It’s been a wild ride since the beginning of April 2012.
What I thought was a cyst in my right axilla, resulted in enormous multiple nodules suspicious for cancer.
I had multiple sonograms and lab work-up.
Sonograms always revealed the term “highly suggestive for malignancy”.
I was prescribed 3 weeks of intense antibiotic therapy, hoping that these abnormal nodules were related to a severe infectious process.
After 3 weeks, my doctor and the radiologist determined that finally I needed a PET scan to determine if there was a malignant process in my body.
On May 4, 2012 PET CT was done.
I remember looking at my primary care doctor in her eyes with my hands held in her’s asking me; “How do I explain this to a nurse?”
She continued; “Be kind to yourself. It’s a hard thing and not something you expected to have happened. You really need to rely on your family and friends.
Be honest with them about you’re feelings—they need to be honest, too.”
Well it turned out, that I had extensive malignant nodules throughout my body.
Final radiologist impression: Lymphoma!
After spending the first few days processing the bad news and shedding a river of tears, I found myself optimistic and ready for the battle.
Living with a serious disease like non-Hodgkin’s lymphoma is not easy.
People with non-Hodgkin’s lymphoma, or other types of cancer face many problems and challenges which I felt not at all ready to encounter…..
Thirty six years of professional nursing never prepared me to personally encounter my own cancer.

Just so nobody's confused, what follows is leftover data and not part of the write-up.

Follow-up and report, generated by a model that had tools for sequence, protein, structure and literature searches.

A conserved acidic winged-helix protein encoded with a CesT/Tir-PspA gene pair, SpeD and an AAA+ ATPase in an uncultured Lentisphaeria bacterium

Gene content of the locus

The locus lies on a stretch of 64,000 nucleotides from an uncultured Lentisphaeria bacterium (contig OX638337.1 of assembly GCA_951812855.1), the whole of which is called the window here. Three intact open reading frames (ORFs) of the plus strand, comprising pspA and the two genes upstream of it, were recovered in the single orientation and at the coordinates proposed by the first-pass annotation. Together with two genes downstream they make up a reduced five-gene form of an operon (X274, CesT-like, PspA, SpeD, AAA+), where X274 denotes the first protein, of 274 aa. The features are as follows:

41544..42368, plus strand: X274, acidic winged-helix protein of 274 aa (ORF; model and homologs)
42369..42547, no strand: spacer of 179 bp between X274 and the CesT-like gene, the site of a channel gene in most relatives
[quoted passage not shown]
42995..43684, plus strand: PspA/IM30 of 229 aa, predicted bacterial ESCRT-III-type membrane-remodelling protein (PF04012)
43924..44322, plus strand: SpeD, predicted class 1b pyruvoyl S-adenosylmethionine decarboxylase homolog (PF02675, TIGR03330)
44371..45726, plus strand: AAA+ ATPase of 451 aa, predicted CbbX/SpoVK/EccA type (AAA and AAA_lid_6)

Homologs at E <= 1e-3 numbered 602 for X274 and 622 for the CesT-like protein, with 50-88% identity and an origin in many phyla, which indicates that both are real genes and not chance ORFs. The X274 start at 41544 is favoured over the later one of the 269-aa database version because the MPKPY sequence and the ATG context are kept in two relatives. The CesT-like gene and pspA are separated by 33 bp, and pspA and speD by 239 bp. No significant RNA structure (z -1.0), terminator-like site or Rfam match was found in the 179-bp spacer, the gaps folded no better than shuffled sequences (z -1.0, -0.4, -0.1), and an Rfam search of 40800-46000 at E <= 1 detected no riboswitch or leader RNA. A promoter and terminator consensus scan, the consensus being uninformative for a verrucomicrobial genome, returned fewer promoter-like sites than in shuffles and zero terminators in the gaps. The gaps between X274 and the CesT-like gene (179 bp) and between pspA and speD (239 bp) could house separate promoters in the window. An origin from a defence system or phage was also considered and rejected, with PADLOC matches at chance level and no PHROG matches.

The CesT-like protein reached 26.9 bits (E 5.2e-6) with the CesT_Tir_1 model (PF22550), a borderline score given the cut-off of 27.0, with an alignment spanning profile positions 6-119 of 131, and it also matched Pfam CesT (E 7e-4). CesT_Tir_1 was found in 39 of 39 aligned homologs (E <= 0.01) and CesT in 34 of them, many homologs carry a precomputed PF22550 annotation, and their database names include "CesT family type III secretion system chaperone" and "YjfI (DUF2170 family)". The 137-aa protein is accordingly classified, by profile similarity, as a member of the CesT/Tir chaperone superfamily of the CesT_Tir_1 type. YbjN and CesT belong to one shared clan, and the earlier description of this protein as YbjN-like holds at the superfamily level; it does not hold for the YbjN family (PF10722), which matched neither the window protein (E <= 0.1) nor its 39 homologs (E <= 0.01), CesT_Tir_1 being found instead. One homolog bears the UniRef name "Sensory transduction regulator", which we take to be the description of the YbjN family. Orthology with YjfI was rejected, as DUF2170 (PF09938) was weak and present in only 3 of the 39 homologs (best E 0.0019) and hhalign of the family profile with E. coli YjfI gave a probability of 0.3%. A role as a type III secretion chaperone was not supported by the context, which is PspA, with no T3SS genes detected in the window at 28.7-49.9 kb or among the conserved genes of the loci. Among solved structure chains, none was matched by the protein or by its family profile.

I helped many patients with cancer and even administered chemotherapy. You never think it could happen to you.
But health professionals are not super-people and we are vulnerable to catastrophic diseases just like everybody else.
So how do I live life with this disease? Only time will tell. I have been on a roller coaster of emotions since day one.
The difficult part for me is the mental stress and physical exhaustion.
However, my approach is to try and live life one day at a time, not to get too stressed about little things, and enjoy life as much as I can with my family.
I am definitely more thankful and enjoy the little things life has to offer.
I continue always to praise and thank God for his healing process in my body, for my doctors, nurses, family and friends.
Non-Hodgkins Lymphoma has taught me one thing; that life is very fragile and should be cherished. Life is a Journey, not a Destination.
Non-Hodgkins Lymphoma cannot bully me.
I will win my battle……….